Heart Health

16 July 2010

Is your neighbourhood heart-healthy

Neglected neighbourhoods and untrustworthy neighbours may be bad for your heart.


Neglected neighbourhoods and untrustworthy neighbours may be bad for your heart.

In a large study of middle-aged adults, Harvard researchers found that women were more likely to develop calcification in their heart arteries if they lived in such deprived environments compared to women who lived in more well-to-do and cohesive neighbourhoods.

Artery calcification is considered an early warning sign of atherosclerosis, the hardening and narrowing of arteries that can increase the risk of heart attack.

"Beyond personal factors such as income, living in poorer and less closely-knit neighbourhoods may raise one's risks of underlying heart disease, starting as early as middle age," lead author Dr. Daniel Kim, of the Harvard School of Public Health in Boston, told Reuters Health in an email.

Interest in social determinants of health has increased in recent years, partially in response to the obesity epidemic and the hunt for policies that could influence behavioural choices. Two recent reports on the subject, including one from the World Health Organisation, highlight the "importance of the contexts and conditions in which people are born, grow, live and work", noted Kim.

In the study

"In (our) study," he added, "we chose to focus on the places where people live and spend a great deal of time: their neighbourhoods."

The economic position of a neighbourhood may be linked to the availability of nutritious food and recreational areas for physical activity. And the social environment within that neighbourhood may impact behaviors, Kim and colleagues note.

To investigate, they looked at data from nearly 3 000 men and women between the ages of 32 and 50 across four urban areas of the U.S. They linked participants' residential addresses from 1995 to 2000 Census data. Heart artery calcification was measured in 2005.

About 11 percent of the women and 29 percent of the men had "silent" or symptomless, heart artery calcification, Kim and colleagues report in the American Journal of Epidemiology.

Census indicators

After accounting for individual factors such as age, race and income, women living in the most deprived quarter of neighbourhoods based on neighbourhood-level Census indicators for income, education and occupation had two and a half times the odds of heart artery calcification compared to those in the most well-to-do quarter.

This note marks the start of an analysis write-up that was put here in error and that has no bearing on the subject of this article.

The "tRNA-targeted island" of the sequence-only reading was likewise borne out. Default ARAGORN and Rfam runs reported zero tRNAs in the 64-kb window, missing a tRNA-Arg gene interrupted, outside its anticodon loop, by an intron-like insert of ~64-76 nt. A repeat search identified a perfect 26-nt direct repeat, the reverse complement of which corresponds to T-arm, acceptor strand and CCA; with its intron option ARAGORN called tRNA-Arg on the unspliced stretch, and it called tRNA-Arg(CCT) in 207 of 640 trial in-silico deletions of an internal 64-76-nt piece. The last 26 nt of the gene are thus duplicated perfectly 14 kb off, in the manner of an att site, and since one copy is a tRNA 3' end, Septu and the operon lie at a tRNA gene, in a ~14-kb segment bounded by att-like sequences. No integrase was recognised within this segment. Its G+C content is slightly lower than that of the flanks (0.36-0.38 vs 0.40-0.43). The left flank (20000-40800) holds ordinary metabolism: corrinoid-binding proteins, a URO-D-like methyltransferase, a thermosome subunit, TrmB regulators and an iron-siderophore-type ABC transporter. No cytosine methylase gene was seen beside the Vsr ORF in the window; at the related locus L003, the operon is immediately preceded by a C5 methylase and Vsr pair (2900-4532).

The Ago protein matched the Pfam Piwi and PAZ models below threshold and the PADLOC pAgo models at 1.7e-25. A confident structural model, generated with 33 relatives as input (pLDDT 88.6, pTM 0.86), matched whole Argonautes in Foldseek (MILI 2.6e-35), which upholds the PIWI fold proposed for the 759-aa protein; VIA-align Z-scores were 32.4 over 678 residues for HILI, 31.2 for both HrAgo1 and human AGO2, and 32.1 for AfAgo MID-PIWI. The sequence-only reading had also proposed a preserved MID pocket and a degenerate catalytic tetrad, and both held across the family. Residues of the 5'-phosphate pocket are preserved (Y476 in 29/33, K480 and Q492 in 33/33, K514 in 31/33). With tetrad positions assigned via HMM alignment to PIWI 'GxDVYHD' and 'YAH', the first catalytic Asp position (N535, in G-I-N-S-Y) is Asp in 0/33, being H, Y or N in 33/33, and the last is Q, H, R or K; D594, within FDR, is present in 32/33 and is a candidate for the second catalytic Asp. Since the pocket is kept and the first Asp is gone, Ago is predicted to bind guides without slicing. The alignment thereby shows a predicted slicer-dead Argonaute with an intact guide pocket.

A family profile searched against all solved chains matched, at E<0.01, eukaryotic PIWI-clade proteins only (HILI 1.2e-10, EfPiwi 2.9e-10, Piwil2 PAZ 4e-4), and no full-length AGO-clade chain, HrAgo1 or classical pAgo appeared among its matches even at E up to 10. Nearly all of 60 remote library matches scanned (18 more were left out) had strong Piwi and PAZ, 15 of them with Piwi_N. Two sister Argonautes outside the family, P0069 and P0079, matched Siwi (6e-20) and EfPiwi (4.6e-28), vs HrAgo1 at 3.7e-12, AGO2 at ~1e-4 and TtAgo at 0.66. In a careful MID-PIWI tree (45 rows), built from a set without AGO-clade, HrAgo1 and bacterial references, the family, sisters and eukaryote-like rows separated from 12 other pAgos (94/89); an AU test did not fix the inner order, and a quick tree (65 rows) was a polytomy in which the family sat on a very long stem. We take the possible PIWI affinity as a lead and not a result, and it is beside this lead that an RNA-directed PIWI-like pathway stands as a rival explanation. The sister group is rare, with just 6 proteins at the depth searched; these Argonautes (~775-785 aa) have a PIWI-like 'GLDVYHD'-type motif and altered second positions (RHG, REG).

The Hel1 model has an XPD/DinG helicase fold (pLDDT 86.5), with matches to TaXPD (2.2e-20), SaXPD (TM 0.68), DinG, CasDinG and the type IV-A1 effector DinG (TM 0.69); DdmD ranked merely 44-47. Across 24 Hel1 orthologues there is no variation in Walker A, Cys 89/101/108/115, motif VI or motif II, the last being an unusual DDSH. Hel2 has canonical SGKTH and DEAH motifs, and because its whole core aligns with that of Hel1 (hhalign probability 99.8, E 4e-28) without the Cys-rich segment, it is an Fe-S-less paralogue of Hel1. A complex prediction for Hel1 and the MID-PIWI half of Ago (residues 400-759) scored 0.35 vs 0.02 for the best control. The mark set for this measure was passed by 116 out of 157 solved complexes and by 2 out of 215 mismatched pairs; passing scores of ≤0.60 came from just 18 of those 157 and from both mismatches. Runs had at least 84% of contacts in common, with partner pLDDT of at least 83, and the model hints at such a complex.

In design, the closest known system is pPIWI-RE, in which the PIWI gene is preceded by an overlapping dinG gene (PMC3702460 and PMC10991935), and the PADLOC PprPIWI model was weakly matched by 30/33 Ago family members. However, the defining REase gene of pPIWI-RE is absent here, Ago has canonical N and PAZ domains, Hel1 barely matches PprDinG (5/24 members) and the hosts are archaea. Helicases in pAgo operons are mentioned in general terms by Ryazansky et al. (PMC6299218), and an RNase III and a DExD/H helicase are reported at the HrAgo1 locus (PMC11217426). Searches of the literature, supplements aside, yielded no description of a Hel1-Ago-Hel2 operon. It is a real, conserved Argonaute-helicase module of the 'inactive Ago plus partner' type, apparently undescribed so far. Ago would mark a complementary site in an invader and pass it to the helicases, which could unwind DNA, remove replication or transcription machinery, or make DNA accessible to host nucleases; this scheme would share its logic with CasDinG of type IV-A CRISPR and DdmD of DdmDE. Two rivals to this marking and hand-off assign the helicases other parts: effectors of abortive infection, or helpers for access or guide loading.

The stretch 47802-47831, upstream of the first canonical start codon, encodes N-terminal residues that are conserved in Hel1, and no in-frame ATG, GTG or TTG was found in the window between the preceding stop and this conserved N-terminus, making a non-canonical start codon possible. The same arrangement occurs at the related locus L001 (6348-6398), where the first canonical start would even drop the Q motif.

Similar comparisons among levels of neighbourhood cohesion as rated by individuals' perception of how well their neighbours got along and trusted one another left women at the bottom with nearly double the odds. Further adjustment for smoking and physical activity had little impact on the results.

Men appeared to be less affected by their neighbourhood, with low cohesion only impacting men living in poor neighbourhoods.

Why might women be more sensitive to their local streets and social networks? It may have to do with the greater amount of time they spend in their neighbourhood, Kim said. Women are more likely than men to work part-time and take on domestic roles such as raising a child.

Dr. Nico Dragano, of Heinrich Heine University in Dusseldorf, Germany, found similar neighbourhood effects in a study of slightly older people. "It is shocking to see that even in a younger population than those we investigated, early stages of heart disease in 'healthy' persons cluster in deprived neighbourhoods," he noted in an email to Reuters Health.

Dragano also points to some limitations of the current study, including a concern that the neighbourhood exposures were linked to addresses 10 years prior to the measurement of heart artery calcification.

Kim and colleagues point out that it would take a few years for neighbourhood effects to physically manifest and they acknowledge that young people moving between neighbourhoods could be one possible alternative explanation for their findings.

"If these strong neighbourhood effects are in fact present," said Kim, "interventions and policies to reduce the gaps in neighbourhood social and economic conditions may serve as powerful ways to address the higher risks of heart disease as well as of other diseases that those living in poorer neighbourhoods disproportionately appear to face.  - (Lynne Peeples, Reuters Health, July 2010)


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